The deadline for submitting entries to the Gore-Branson carbon sequestration idea contest has passed, but, nonetheless, here is my submission. It is simple, and more importantly it is non-exotic.
The basic concept is this: While protecting existing forests even more strongly than we do now, we must greatly expand the number of acres dedicated to tree farming, and plant those acres with extremely-fast-growing pulp trees. Weyerhaeuser Corporation has genetically modified species of trees to grow very, very fast.
As we increase tree farming, we should change our economy back to one which makes MASSIVE use of paper and other cellulose-based products -- fit cellulose back into the economy whenever and wherever we can find a niche for it.
Next, instead of recycling paper, we need to BURY paper and those cellulose products after use, when it is time to throw them away -- and use the used paper and cellulose as backfill to fill exhausted strip mines.
This has the impact of sequestering carbon in the form of the relatively stable cellulose moloecule underground.
The existing paper-collection-and-recycling system can easily be converted into a a paper-collection-and-burying system. Rebuild railroad rights-of-way to exhausted strip mines, and simply dump enormous quantities of paper from the bottoms of hopper cars into the mines.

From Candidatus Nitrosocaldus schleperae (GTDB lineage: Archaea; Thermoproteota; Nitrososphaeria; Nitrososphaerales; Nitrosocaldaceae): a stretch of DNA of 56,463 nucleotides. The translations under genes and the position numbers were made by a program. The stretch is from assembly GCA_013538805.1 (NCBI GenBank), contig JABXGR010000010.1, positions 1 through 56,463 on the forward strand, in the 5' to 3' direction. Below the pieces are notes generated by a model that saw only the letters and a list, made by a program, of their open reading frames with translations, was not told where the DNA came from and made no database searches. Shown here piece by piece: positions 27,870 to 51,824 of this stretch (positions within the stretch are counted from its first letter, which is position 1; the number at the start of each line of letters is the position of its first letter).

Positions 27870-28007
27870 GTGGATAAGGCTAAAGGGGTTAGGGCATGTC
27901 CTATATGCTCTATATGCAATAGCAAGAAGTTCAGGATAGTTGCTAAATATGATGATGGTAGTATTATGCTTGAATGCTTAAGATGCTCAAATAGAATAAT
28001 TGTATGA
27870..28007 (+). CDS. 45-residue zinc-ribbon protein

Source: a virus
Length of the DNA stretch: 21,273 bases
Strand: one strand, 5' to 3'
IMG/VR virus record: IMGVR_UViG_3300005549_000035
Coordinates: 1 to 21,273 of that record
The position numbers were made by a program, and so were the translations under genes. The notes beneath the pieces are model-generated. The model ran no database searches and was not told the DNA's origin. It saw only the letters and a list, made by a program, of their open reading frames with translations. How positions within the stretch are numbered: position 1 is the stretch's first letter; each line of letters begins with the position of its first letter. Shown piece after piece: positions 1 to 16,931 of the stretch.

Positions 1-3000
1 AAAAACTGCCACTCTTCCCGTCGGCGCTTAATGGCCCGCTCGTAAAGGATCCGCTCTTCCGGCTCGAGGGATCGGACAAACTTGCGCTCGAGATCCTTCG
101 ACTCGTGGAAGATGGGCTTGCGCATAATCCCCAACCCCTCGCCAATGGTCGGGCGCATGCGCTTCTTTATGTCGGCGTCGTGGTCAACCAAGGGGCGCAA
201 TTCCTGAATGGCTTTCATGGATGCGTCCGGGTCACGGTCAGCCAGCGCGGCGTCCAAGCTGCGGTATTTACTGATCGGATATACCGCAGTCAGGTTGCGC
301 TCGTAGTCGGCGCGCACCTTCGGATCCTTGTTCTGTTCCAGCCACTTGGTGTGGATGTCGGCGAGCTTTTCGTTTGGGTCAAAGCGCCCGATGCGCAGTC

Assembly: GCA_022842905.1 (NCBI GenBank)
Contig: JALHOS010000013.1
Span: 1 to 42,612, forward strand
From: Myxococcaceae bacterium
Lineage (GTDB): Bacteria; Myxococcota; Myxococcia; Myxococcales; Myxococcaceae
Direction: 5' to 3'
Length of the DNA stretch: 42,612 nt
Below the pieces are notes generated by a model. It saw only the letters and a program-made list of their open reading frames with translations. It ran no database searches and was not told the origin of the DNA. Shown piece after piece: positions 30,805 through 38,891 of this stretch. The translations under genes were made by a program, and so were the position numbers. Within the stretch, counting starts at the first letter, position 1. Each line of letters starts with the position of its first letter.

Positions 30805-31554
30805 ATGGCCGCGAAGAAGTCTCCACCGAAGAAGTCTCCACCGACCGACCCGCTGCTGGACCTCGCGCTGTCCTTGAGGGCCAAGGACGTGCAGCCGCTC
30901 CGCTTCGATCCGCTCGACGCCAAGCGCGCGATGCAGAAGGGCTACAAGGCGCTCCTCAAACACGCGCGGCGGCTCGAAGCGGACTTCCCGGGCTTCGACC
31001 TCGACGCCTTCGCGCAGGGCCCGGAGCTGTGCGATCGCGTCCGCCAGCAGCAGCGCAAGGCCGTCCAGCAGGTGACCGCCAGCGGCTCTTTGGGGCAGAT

The mines can be lined (with cellulose-based sheathing materials) to cope with leachates, and they can be structured to "chimney" methane to a central collection point, and then covered and the methane recovered and converted to electrical generation and the electricity sold to the grid.
Increases in economic activity in a cellulose-burying economy would increase the rate of carbon sequestration. Paper non-recycling and strip mining become blessings, not a curse.
Fundamentally, there's nothing technologically novel about the approach. Fundamentally, it is conservative in its logic, and cheaply executed.